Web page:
FMCSA report affirms current, less restrictive hours of service rules

After some two years, rules governing truckers’ use of a 34-hour restart have been settled by a report issued by the Department of Transportation.

The new study confirms that truckers’ 34-hour restarts will not require two 1 a.m. to 5 a.m. periods and will not be limited to once per week.

The DOT’s Office of Inspector General Thursday, March 2, sent to Congress a letter signing off on the department’s study. It said it agreed with the study’s conclusions and that the department followed Congress’ directives in completing the research.

Truck parkedThe trucking industry’s leading business organization applauded the report, calling it “the end of a long struggle.”

Congress suspended the 1 a.m. to 5 a.m. requirement and the once-weekly limit in December 2014, pending the issuance of the study. The report shows those provisions did nothing to enhance safety.

The Federal Motor Carrier Safety Administration will likely need to issue a formal notice to  remove the rules permanently, but the regs have been suspended since a December 2014 notice. The report does not change the rules truckers’ currently operate under.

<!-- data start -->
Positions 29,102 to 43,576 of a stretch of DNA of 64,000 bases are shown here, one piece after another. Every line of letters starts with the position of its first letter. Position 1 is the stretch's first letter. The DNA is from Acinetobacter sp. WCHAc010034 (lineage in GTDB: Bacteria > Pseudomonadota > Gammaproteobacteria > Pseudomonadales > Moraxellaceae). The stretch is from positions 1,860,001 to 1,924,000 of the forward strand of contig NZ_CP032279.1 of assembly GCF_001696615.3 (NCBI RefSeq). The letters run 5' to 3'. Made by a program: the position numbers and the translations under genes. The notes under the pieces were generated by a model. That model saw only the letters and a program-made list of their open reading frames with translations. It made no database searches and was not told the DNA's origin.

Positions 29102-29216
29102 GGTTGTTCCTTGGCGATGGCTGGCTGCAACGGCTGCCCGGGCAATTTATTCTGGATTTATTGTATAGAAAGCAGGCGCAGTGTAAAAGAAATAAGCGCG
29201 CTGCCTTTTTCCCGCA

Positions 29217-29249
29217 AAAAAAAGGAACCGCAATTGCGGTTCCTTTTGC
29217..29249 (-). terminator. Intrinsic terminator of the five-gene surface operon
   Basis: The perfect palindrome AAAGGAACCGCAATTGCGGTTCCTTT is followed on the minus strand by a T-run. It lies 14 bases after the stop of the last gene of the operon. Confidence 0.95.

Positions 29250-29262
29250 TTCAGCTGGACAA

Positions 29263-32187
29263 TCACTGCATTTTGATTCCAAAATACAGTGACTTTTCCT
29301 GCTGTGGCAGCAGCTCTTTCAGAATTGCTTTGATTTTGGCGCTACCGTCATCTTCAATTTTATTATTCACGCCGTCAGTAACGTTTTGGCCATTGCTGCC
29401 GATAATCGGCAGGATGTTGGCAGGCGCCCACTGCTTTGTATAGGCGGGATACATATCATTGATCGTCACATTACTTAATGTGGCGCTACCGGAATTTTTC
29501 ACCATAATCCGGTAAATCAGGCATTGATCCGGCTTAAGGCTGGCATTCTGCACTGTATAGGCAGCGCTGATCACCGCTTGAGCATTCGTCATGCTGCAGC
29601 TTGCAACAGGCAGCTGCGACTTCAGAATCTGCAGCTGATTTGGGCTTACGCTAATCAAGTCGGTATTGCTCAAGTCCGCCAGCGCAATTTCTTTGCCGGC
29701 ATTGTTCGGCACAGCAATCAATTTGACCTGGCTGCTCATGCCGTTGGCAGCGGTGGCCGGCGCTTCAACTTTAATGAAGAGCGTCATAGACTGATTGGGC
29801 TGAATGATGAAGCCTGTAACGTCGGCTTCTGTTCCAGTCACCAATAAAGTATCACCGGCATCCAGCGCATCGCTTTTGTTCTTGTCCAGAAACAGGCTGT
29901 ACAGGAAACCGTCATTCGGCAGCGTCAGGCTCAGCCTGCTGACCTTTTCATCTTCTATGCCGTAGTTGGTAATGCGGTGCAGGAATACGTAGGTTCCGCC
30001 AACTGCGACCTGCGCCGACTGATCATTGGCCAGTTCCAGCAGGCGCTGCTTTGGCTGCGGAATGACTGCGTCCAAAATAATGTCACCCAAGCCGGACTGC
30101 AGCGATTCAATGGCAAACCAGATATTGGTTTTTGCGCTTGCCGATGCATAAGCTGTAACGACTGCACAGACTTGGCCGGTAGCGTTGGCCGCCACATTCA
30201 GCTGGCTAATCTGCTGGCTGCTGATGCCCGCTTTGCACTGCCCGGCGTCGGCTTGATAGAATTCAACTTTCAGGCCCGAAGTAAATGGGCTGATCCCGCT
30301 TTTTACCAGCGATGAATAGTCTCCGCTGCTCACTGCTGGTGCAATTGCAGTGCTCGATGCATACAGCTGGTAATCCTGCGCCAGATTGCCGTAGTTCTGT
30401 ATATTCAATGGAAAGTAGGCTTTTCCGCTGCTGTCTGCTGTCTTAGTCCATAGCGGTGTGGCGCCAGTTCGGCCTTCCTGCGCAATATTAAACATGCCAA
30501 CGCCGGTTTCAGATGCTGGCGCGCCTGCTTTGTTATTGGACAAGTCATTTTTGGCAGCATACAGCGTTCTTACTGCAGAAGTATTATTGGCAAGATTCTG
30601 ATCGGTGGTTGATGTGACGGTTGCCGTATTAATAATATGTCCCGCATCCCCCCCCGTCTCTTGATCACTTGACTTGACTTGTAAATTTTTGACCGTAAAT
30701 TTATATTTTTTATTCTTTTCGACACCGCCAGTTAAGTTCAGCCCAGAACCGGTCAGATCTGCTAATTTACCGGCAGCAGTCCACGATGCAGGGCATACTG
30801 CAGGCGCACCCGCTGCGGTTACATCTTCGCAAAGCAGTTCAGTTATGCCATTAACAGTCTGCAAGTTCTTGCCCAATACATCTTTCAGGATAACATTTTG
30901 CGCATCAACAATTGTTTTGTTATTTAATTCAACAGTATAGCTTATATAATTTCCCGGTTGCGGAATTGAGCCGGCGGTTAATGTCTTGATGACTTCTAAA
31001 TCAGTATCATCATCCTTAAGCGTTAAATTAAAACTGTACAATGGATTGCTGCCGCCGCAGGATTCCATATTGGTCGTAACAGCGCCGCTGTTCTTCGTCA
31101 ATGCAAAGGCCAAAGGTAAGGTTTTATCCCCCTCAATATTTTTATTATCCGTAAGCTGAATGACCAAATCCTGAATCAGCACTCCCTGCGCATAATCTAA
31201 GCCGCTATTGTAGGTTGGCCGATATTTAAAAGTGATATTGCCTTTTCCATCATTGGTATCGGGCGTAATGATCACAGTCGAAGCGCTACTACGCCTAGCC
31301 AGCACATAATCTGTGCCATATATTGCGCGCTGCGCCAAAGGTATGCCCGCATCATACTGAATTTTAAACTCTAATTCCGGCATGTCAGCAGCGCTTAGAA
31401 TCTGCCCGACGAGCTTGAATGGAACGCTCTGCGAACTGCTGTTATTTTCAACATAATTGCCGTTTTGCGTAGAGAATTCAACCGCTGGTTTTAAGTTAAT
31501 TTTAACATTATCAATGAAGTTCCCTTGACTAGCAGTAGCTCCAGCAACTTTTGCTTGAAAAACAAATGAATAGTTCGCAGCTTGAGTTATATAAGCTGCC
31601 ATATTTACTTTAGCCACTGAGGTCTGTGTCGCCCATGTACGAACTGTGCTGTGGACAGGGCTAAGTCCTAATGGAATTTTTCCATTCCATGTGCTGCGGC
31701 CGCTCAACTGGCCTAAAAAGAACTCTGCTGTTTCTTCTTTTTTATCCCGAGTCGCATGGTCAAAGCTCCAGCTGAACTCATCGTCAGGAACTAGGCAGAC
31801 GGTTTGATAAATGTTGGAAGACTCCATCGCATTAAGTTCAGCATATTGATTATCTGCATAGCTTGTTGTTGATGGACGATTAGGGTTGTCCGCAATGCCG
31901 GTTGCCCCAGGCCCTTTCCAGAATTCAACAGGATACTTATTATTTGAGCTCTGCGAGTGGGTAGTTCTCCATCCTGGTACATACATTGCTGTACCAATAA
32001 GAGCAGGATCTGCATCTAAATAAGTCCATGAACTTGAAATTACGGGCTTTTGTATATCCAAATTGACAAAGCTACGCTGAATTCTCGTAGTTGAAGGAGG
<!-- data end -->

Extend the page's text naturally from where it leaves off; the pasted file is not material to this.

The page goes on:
“The release of this report closes what has been a long, and unnecessary, chapter in our industry’s drive to improve highway safety,” said American Trucking Associations President and CEO Chris Spear. “We knew from the beginning that these Obama administration restrictions provided no benefit to safety, and in light of the DOT’s findings – corroborated by the DOT Inspector General – it is good for our industry and for the motoring public that they will be done away with permanently.”

The study found that truckers following the July 1, 2013, regulations requiring the early morning periods to be included in the restart operated no more safely than truckers not abiding by the rules.

More than 200 drivers were studied for the DOT’s report. They were divided into two groups: One followed the more restrictive 2013 rules and the others were free to use the restart as they chose.

The study “did not explicitly identify a net benefit from the use of the two suspended provisions of the restart rule on driver operations, safety, fatigue and health.”

Researchers compared drivers’ schedules and analyzed events like crashes and near crashes, as well as driver alertness and health.

The more restrictive hours of service rules took effect in July 2013, prompting widespread criticism by both fleets and drivers for preventing truckers from returning to duty until 5 a.m. after a restart, even if the restart had spanned a full 34 hours.

One of the chief arguments against the regulations were that it pushed drivers into early morning rush hour traffic — which caused safety and operational issues — and that FMCSA issued the rule with little scientific evidence to back up the restrictions.

Congress cleared legislation in December 2014 to halt the regulations and require FMCSA to perform the 34-hour restart study. Congress required the study to show exceeding safety and health benefits for drivers’ operating under the 2013 rules.